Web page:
Excuse Me?

You know, by and large I’m pretty content with being old… Well, not old as in wrinkly and cane-bound -more like calendarially acquisitive. However, there is one thing that I have lately discovered that greatly inhibits my social intercourse –a design flaw, I think: hearing.

It’s not that I can’t hear things –I am very attuned to volume and the background melee in which they seem invariably embedded -it is more the interpretation thereof. Indeed, the backcloth seems to swallow words, and dissolve them into a meaningless pap that I am forced to process later at my leisure like a cow. You would think that Evolution would have issued ear-cuds, or something, but I suppose Darwin couldn’t think of everything.

Evolution takes time of course, and yet I’ve learned it sometimes also takes short cuts; that gives me hope. Exaptations they’re called –the use of a pre-existing mechanism for something other than its original function. Jury-rigging it. Feathers, for example, which once-upon-a-time probably served only for thermoregulation and maybe sexual attraction, were then adapted, as time and circumstance allowed, for flight –a kluge. Why design something new, eh? So, given that I didn’t get in on the feathers, I figured maybe I’d be up for second prize.

I realized quite recently that most of my trouble with interpretive hearing loss tends to be self-inflicted, however -it seems particularly bothersome when I wander into people-infested areas. Starbuck’s springs to mind… Brien, too -when he’s not receiving visitors on his porch, he consents to meeting me for a coffee every so often. But although he is a man more comfortable with grunts and head nods, I still have trouble making those out from across the table in the noisy room.

So I decided to exapt. I’m actually kind of embarrassed I hadn’t thought of it before. And nothing very complicated, or anything –I think it’s better to go basic when you first try something. Sort of feel your way around. The concept I settled on was proximity –if you can’t decipher what someone is saying over there, go over there. I hadn’t counted on Brien’s reaction, though, and as I leaned closer to his face to decipher the sounds, he countered by receding. His back was to the wall, and when he finally realized there was no more room to recede, he pushed me away with a vigour he’d never demonstrated on his porch even when he thought I was reaching for the biggest cookie.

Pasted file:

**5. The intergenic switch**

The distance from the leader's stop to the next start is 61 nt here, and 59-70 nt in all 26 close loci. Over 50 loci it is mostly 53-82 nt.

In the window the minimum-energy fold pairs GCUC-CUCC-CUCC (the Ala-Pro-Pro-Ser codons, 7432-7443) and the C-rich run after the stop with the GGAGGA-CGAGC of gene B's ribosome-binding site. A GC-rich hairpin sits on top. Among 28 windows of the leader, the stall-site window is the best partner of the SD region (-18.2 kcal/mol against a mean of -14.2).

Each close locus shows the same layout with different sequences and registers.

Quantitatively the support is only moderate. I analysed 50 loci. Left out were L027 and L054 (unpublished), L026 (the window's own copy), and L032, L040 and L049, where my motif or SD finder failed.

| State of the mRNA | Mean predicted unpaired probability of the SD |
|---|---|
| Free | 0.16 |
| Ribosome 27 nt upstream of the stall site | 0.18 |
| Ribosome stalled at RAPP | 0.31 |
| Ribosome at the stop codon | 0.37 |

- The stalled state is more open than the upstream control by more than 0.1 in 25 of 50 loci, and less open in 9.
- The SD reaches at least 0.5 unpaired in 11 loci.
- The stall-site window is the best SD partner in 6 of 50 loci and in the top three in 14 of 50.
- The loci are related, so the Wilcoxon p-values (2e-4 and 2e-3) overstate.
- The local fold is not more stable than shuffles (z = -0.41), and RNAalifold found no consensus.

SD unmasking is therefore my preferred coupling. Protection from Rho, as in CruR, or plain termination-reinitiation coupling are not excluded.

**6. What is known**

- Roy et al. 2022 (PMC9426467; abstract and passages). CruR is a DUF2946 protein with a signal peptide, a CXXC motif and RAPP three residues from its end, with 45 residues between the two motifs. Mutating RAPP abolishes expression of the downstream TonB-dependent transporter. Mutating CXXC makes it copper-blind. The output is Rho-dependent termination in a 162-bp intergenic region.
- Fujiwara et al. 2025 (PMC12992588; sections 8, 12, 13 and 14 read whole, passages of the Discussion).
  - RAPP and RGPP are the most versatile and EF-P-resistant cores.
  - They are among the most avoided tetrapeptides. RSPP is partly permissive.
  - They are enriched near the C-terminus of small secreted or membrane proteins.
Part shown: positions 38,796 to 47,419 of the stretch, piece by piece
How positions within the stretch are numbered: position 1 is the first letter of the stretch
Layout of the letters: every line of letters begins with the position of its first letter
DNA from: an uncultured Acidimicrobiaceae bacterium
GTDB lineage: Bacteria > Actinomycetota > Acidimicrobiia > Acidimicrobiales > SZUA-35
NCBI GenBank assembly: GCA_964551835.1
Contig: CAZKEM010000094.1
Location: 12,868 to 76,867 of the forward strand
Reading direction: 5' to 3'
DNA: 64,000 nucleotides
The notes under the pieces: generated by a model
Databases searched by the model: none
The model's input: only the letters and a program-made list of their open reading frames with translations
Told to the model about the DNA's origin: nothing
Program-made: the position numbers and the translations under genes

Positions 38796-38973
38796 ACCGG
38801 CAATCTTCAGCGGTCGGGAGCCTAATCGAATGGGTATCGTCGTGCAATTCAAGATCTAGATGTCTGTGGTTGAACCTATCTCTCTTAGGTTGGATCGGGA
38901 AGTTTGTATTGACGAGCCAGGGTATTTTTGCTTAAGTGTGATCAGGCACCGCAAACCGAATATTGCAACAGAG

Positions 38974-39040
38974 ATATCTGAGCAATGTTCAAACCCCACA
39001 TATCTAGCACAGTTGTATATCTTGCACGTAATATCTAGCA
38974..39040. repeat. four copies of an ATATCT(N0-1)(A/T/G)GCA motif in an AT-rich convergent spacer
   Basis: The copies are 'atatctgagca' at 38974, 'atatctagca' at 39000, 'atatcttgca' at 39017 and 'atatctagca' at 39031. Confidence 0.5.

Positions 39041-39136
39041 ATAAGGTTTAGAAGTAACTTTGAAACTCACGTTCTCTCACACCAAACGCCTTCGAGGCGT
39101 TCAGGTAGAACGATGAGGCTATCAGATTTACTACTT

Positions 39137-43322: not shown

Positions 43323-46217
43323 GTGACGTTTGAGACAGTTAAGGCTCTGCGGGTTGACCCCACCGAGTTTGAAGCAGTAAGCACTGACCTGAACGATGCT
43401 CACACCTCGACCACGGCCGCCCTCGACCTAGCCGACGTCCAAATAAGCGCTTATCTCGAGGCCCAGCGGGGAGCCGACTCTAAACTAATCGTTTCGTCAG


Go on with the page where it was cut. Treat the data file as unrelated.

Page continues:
I immediately grasped the fact that not all exaptations succeed –or at least not at first. Proximity needed a little work. But as I thought more about it, I reasoned that since mouths form words, and lips can be seen from a distance, maybe I could fashion my own kluge: translipping, I suppose you could call it -lipping for short. The added advantage is that from a few feet away at least, the person observed thinks you’re really looking in his eyes. This makes him feel you are actually paying attention. I’ve come to realize that it works better with a gender imbalance, though, because when I tried it with Brien in the crowded Starbucks venue a few days later, he again backed away and kept turning his head. He needs to get out more.

But when I was lipping, it seemed to help a bit. I think consonants work best, though – probably because of the need for larger and more demonstrative lip excursions. It reminded me that originally, the Hebrew alphabet was an abjad­ and consisted only of consonants. Maybe they used to have hearing problems in those days too, so they figured they’d make it easier for people in the bazaars, or whatever. Brien didn’t think that was right when I told him my theory, but neither of us are Jewish, so we left it there.

There was some progress, however, so I thought I’d expand the potential and try distance-lipping. Brien encouraged this; he said it would feel like he’d got his face back.